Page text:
A day after Pope Francis ended his trip to Chile by publicly defending a bishop who victims have accused of covering up widespread pedophilia in the country, by attacking the credibility of child sex abuse victims in a shocking move made at the end of a trip which he had hoped to 'heal' the wounds of said abuse, The Holy See has stunned Catholics again... and apologized.
As we detailed over the weekend, Associated Press reported that Francis made the shocking comments in a discussion about Rev. Fernando Karadima who has been found guilty of sexually abusing a slew of minors as a member of the Catholic Church.
Pope Francis accused victims of Chile’s most notorious pedophile of slander Thursday, an astonishing end to a visit meant to help heal the wounds of a sex abuse scandal that has cost the Catholic Church its credibility in the country.
“The day I see proof against Bishop Barros, then I will talk. There is not a single piece of evidence against him. It is all slander. Is that clear?” the pope replied in a snippy tone.
The pope’s remarks drew shock from Chileans and immediate rebuke from victims and their advocates. They noted the accusers were deemed credible enough by the Vatican that it sentenced Karadima to a lifetime of “penance and prayer” for his crimes in 2011.
A Chilean judge also found the victims to be credible, saying that while she had to drop criminal charges against Karadima because too much time had passed, proof of his crimes wasn’t lacking.
And now, as Reuters reports, Pope Francis, in an extremely rare act of self-criticism, apologised to victims of clerical sex abuse on Sunday, acknowledging he had “wounded many” in comments defending a Chilean bishop who is under scrutiny.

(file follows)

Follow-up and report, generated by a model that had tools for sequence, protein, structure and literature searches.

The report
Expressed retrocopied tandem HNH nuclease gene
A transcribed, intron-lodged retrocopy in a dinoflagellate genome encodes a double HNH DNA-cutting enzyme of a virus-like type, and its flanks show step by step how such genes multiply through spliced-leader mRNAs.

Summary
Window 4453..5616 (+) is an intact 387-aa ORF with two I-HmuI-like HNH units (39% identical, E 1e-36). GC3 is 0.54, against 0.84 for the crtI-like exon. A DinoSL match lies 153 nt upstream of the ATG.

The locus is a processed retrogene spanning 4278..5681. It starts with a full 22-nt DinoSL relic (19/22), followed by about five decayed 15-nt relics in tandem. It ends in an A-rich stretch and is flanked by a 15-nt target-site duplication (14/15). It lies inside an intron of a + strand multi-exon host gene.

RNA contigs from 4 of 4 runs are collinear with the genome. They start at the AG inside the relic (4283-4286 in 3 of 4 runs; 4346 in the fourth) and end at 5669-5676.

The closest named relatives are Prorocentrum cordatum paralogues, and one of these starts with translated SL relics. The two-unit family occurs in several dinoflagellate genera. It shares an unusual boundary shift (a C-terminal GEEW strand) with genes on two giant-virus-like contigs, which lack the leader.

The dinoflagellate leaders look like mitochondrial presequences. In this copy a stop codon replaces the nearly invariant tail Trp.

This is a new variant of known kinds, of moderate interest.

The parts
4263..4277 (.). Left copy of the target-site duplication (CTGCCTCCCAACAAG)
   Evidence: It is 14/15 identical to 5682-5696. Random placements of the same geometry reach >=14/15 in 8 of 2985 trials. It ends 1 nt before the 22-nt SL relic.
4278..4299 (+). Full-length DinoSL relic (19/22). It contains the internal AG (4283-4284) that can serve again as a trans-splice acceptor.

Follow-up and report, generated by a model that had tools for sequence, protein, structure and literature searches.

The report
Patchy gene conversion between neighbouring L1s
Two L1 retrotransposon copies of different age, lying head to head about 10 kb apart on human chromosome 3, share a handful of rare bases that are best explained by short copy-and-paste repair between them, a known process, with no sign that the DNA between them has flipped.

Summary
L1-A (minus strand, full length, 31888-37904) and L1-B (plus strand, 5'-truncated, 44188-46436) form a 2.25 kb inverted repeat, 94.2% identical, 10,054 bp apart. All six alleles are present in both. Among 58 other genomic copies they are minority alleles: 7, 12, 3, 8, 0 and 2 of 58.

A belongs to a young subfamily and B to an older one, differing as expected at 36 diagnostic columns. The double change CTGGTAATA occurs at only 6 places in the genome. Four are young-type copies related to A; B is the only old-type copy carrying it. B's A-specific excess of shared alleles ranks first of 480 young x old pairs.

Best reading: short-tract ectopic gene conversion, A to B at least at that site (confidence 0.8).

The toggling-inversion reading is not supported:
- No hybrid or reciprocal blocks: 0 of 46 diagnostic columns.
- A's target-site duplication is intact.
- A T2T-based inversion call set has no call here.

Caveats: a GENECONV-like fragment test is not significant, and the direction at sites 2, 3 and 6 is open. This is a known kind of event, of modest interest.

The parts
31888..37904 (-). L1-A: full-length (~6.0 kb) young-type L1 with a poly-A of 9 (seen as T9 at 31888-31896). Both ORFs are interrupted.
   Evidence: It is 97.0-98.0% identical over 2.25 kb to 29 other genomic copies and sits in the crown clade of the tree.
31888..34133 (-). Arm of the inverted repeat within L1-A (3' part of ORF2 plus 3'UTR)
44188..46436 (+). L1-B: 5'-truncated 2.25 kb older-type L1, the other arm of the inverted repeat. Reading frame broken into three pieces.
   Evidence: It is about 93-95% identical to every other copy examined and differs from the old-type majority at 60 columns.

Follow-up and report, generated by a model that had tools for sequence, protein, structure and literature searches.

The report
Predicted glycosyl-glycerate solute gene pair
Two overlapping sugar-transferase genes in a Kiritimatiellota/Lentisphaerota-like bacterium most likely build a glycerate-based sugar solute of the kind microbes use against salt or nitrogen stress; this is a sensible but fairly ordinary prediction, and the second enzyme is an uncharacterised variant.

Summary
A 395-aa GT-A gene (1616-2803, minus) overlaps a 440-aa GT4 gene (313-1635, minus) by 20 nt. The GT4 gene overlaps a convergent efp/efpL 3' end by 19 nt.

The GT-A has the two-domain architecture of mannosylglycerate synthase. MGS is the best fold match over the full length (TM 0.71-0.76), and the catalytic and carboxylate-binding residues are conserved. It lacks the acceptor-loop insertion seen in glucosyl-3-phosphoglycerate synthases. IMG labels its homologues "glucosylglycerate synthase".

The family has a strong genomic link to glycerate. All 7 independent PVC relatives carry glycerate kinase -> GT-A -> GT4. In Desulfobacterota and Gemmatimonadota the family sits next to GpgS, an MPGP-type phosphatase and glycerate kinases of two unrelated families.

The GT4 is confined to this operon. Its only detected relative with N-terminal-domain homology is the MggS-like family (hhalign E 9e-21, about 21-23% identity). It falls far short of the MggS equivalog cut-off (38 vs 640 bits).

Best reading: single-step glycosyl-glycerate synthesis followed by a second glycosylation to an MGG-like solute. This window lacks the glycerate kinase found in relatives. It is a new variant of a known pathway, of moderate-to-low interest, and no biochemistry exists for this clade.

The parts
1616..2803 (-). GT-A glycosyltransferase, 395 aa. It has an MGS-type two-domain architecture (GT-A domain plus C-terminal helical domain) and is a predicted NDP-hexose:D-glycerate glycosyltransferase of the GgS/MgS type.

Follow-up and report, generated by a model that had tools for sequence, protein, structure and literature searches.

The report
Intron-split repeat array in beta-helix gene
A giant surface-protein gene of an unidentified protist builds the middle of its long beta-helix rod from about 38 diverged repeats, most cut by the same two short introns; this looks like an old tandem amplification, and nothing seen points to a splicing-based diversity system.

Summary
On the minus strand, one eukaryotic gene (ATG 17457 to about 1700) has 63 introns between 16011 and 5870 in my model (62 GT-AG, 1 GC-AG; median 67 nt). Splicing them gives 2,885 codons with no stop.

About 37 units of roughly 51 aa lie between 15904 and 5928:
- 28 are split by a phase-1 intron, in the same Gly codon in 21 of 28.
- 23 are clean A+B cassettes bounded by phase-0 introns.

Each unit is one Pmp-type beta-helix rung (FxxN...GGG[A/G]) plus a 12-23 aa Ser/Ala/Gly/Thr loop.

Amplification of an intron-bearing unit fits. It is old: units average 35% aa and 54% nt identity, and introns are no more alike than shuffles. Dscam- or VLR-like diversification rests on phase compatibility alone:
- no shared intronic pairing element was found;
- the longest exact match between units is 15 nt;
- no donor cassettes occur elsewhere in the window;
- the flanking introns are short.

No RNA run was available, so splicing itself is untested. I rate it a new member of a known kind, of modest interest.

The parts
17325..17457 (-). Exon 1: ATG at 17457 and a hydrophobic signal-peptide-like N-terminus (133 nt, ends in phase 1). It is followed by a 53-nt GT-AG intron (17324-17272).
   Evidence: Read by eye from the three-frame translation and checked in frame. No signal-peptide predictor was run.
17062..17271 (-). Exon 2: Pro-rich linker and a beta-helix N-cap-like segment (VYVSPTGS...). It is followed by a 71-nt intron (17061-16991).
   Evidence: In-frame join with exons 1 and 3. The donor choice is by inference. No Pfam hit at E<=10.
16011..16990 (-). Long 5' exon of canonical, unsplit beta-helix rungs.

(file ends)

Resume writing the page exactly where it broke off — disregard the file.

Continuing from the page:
However, while the pope was sorry for his choice of words, he hastily added that he was certain that the prelate, Juan Barros, who has been accused of being complicit in the cover-up of the disgusting acts, was innocent.
“I have to apologise,” an unusually contrite pope told reporters aboard the plane returning to Rome from a week-long trip to Chile and Peru, saying he realised he had “wounded many people who were abused”.
“I apologise to them if I hurt them without realising it, but it was a wound that I inflicted without meaning to,” he said. “It pains me very much.”
But, in the latest twist to a saga that has gripped Chile, Francis said Barros, who is accused of protecting a notorious paedophile, would remain in his place in the diocese of Osorno because there currently was no credible evidence against him.
Francis said on the plane: “I know how much they (abuse victims) suffer in hearing the pope say to them ‘bring me a letter with the proof,’ I realise that it is a slap in their faces, and now I realise that my expression was an unfortunate one”.
In his comments on the plane, the pope disclosed that Barros had offered to resign twice in recent years but Francis rejected the offers.
“I can’t condemn him because I don’t have evidence and because I am convinced he is innocent,” Francis said.
He said Barros would remain in his place unless credible evidence is found against him.
Juan Carlos Claret, a spokesman for anti-Barros Catholics in Osorno, southern Chile, said during the trip that he worried the pope’s response to the reporter before the apology would discourage more victims from speaking out.
“What incentive will victims have to come forward when even if the courts and the Vatican have said they are right, in the end the pope says they are pure lies?” he said in an telephone interview.